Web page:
Biomimicry: Changing the world of design

Published 7:08 am Tuesday, September 13, 2022

“Nature’s Blueprint: Biomimicry in Art and Design” will be coming to the Historic City Hall Arts and Cultural Center on Friday, Nov. 11. This exhibition explores the intricate, biological designs that occur in nature.

Biomimicry is a design and production practice that examines the forms, shapes and processes that are utilized in biological designs to create more efficient and sustainable man-made structures. This is not a new concept. Famous artists and scientists, such as Leonardo DaVinci and Antoni Gaudi, utilized biological structures as muses for their creations.

However, with technological advances and the need for innovative solutions for modern problems, biomimicry has not only become more accessible, but more necessary than ever. As technology becomes more powerful, scientists are more capable of recreating the complex formations of organic forms.

Email newsletter signup

“Science and tech are rapidly expanding the types of systems that we use,” said Matt Young, director of cultural affairs at the Historic City Hall Arts and Cultural Center.

According to Young, biomimicry has both technical and artistic benefits.

“Biomimicry isn’t limited to just painting or sculpting a flower, but it includes exploring the material properties and sequences found in nature, and how whole biological systems are structured — and putting that into works of art.”

Design improvements to infrastructure, such as bridges and turbines, have been inspired by biomimicry. By examining biological structures, more sustainable structures are able to be built.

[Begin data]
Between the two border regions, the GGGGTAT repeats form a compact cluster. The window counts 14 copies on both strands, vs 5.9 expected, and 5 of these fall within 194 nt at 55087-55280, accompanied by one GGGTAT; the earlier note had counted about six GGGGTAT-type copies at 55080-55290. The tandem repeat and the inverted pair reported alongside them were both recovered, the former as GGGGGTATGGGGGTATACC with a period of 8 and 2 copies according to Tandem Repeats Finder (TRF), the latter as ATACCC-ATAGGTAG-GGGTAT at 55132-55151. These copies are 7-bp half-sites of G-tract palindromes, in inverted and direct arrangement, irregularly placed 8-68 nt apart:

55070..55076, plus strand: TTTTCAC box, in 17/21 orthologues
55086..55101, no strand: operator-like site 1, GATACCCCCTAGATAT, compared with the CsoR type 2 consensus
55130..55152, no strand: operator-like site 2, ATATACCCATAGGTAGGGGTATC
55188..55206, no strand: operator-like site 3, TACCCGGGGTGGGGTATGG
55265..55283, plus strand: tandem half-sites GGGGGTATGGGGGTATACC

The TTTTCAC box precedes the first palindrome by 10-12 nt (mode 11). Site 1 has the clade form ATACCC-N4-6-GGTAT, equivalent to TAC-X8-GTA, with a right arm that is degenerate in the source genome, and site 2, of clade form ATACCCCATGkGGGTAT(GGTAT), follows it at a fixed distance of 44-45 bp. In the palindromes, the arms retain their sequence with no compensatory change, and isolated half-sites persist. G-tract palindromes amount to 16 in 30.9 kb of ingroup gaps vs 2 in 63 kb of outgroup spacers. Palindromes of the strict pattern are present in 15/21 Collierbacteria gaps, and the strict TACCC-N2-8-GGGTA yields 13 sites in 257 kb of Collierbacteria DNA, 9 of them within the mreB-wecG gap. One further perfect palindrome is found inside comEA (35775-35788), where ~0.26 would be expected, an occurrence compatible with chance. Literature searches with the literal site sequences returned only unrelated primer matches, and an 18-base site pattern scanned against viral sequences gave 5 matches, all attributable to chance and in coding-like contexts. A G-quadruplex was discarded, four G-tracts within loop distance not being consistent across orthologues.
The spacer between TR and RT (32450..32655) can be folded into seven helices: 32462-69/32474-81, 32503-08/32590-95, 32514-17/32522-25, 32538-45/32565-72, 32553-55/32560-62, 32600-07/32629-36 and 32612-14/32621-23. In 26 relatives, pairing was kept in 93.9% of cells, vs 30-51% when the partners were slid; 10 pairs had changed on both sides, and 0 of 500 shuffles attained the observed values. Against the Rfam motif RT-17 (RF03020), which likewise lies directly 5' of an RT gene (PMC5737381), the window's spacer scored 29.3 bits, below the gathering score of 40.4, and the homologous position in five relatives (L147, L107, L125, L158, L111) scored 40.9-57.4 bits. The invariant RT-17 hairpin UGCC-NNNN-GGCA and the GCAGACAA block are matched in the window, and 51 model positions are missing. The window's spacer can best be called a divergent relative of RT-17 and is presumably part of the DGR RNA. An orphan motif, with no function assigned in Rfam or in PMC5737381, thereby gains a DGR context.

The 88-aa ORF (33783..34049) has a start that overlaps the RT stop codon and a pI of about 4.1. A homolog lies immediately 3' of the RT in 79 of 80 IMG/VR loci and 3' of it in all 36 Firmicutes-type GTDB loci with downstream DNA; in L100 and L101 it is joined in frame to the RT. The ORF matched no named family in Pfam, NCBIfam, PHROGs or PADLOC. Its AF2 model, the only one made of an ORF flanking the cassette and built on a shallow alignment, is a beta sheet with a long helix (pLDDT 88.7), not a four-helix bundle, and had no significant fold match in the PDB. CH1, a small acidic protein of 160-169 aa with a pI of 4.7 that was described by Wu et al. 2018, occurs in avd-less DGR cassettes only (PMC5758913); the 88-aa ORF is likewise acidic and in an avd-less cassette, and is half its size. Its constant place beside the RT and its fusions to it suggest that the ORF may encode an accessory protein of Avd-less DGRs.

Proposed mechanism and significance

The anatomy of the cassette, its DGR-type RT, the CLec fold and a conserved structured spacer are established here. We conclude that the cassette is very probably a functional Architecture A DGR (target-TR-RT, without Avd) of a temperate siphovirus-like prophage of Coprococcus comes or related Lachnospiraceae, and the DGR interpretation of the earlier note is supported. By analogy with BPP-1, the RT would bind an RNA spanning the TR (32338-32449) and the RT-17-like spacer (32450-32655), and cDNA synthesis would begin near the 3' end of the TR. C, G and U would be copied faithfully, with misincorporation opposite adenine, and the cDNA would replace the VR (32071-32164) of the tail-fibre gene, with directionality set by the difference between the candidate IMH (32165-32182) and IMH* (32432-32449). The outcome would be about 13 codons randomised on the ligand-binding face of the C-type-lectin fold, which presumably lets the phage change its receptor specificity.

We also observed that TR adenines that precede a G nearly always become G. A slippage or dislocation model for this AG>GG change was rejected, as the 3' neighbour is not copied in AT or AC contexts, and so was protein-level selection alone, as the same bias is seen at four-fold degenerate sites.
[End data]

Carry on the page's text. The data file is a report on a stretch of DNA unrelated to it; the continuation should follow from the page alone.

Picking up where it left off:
An example is the mimicry of spider silk to create bridge cable systems. Spiders are able to create strong, but lightweight webs via unique patterns. Using those web patterns as inspiration, architects were able to create more efficient cable suspension bridges.

“The Wright Brothers invented the first flying machine based on the movements of a pigeon,” Young said. “The hook and loop fastener, or otherwise known as Velcro, was created by mimicking the bur plant.”

He believes that Southwest Louisiana can greatly benefit from the practice of biomimicry.

“As the sportsman’s paradise, our state can learn a lot from this exhibit,” he said. “By recognizing how complex and fragile nature is, we can learn new ways of combating coastal and wildlife conservation.”

Biomimicry can also help with alleviating the natural side effects of coastal erosion and hurricanes.

“We can also recognize the importance of research and being proactive,” he said. “The Gulf Coast is our greatest defense against hurricanes. Nature has already field-tested many of the solutions we need for these problems. Imitating their responses can provide much-needed relief.”

Artistically, through exploring the properties, processes and dynamics of natural structures, artists are able to create thoughtful, natural pieces.

With studying biological designs comes a deep understanding of the world around us, and how nature has addressed ecological difficulties.

A primary benefit of using nature as a foundation for artworks, architecture, and design is their affinity to create socially aware art. Critical concerns, such as conservation, sustainability and environmental justice can be highlighted through biomimical art.

“Artworks and designs that are rooted in nature can address issues like conservation and sustainability,” Young said.

Important conversations will be initiated by “Nature’s Blueprints.” The exhibition’s purpose is to nurture discourse amongst diverse audiences regarding the natural world. The hope is that patrons will leave the exhibit with a deeper understanding of biological designs and the benefits of nature.

This exhibition is an adaptation of the High Desert Museum’s “Innovation Lab: Design Inspired by Nature.” “Nature’s Blueprints: Biomimicry in Art and Design” is produced and toured by ExhibitsUSA, which is a program of Mid-America Arts Alliance.


“Nature’s Blueprint: Biomimicry in Art and Design” will be open for viewing from Friday, Nov. 11, through Saturday, Jan. 7, 2023.